Queen Elizabeth II
Queen Elizabeth II grew up with Princess Margaret as her only friend. Pictured: The Queen arrives for the state banquet in her honour at Schloss Bellevue palace on the second of the royal couple's four-day visit to Germany on June 24, 2015 in Berlin, Germany. Getty Images/Sean Gallup

Queen Elizabeth II reportedly had a sad upbringing when she was much younger.

In the Netflix documentary “The Royals,” it was revealed that Her Majesty grew up without any friends. Even though the attitude towards children were beginning to change at that time, royal protocol was still strictly adhered to within the palace.

Royal author Philip Dampier said that the Queen did have a strange childhood. However, strange didn’t mean by royal standards, but it was just odd. When the Queen was still known as Princess Elizabeth, she was homeschooled by a governess.

“I don’t think it was unhappy but it was clearly very lonely. She didn’t really have any friends because she didn’t go to school,” Dampier said.

Growing up, the Queen only played with her cousins.

Royal editor Ingrid Seward seconded Dampier’s statements and said that the Queen was indeed lonely as a child. But things changed a bit for her when Princess Margaret was born.

“They didn’t really play with other children. They made friends from their stuffed animals,” Seward said.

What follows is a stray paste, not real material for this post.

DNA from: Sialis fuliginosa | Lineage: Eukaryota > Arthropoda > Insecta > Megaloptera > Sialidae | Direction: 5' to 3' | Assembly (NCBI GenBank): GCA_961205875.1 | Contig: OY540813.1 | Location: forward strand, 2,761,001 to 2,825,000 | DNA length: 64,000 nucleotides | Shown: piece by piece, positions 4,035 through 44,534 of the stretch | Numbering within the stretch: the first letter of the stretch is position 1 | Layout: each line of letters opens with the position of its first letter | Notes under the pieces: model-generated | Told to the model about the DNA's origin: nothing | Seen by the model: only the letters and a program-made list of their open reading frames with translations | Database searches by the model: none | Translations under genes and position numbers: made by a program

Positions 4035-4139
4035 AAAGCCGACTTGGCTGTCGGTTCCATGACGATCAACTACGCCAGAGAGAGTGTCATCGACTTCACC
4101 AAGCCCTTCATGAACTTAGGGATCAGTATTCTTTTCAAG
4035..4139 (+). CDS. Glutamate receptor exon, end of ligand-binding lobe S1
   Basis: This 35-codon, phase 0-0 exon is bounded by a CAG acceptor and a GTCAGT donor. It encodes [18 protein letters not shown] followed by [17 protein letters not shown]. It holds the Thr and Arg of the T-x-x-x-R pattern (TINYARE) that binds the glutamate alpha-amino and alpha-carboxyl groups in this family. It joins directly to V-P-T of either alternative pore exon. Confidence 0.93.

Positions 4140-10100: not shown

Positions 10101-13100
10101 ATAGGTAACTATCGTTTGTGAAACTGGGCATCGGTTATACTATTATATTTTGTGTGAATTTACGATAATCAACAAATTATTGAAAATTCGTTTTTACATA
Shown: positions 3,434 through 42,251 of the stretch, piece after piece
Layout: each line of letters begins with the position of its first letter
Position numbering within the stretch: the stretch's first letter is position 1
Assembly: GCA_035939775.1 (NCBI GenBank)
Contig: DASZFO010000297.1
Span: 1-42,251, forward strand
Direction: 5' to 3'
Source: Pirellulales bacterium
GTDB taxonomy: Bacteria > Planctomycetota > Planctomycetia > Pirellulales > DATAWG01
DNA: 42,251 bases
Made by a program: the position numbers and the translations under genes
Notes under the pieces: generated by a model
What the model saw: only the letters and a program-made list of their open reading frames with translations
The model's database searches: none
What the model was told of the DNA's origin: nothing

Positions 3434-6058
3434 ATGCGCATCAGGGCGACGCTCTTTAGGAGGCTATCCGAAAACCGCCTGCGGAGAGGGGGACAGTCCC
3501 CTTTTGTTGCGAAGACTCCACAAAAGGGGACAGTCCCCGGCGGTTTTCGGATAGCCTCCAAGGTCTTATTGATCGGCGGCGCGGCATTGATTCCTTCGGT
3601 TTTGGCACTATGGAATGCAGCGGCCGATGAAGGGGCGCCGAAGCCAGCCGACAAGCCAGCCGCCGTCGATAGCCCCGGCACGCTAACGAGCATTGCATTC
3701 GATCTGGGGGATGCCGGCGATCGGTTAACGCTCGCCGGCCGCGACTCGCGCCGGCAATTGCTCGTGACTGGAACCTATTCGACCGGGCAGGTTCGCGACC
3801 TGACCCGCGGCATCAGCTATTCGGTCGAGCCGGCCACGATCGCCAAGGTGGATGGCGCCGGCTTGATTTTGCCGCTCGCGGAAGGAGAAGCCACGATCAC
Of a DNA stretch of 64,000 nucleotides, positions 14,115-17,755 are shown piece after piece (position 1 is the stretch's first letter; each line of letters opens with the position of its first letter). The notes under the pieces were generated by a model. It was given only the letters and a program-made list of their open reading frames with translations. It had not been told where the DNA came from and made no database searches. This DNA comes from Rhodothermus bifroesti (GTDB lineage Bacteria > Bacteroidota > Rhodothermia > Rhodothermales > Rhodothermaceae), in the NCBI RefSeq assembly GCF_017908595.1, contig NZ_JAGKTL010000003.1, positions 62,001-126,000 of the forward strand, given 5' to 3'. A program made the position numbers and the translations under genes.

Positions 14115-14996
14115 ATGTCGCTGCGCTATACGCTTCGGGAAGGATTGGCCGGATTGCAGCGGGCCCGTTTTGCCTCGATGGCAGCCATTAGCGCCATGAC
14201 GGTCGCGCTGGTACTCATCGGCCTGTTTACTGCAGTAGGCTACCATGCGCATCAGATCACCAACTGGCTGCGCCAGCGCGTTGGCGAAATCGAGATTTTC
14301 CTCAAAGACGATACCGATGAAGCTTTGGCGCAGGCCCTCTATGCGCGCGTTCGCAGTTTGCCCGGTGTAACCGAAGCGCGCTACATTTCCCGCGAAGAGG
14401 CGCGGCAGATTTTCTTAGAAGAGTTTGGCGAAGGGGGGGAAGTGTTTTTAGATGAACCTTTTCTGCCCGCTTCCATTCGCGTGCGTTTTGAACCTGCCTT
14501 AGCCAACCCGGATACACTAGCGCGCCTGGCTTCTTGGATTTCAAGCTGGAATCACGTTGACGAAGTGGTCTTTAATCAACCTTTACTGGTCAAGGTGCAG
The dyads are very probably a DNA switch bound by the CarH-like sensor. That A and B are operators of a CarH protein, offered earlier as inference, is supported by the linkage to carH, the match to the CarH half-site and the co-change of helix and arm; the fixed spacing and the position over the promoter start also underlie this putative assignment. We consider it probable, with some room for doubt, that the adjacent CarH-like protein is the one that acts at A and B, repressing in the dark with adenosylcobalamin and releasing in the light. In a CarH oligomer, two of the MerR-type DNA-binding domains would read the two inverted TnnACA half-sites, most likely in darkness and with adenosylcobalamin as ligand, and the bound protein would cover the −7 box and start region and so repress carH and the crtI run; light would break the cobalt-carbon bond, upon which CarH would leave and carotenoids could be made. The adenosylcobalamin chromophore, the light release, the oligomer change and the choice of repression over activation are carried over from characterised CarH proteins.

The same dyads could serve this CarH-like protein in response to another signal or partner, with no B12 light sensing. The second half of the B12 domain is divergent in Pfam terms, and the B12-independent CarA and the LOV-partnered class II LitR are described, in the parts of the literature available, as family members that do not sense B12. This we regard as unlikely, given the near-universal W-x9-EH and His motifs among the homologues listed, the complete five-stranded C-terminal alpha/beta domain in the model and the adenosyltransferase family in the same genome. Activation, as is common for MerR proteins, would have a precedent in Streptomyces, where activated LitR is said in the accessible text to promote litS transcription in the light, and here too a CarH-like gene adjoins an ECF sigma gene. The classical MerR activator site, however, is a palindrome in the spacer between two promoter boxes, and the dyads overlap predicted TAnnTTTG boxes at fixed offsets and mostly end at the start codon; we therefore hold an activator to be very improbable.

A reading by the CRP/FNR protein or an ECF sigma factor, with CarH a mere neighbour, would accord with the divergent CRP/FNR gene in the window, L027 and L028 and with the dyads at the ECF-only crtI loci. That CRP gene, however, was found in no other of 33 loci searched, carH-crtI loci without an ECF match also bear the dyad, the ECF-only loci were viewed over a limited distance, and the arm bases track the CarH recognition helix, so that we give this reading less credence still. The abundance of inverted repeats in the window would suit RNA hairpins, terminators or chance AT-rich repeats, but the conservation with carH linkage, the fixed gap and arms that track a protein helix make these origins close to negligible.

Princess Margaret was born in 1930 when the Queen was just 4 years old. They normally played with their toy horses. When Princess Margaret was still very young, she remembered going to the park and seeing other children playing with each other.

“She thought, ‘Oh how exciting their lives must be and we can’t even talk to them,’” Seward said.

Royal historian Rafe Reydel-Mankoo said that the royal siblings even had to create a girl guides group so the Queen that they could engage with people their own age. And when the Queen got older and until this day, what she didn’t experience as a kid is something that has impacted her interaction with other people.

“In many respects, it accounts for her personality - Her relative aloofness and reserved nature with those not in her family,” Reydel-Mankoo said.

Meanwhile, Dampier said that the Queen grew up to still be affectionate towards her grandchildren and great-grandchildren. This is something she did not experience with her own father George VI. The royal author said that George VI was uncomfortable with any great show of affection.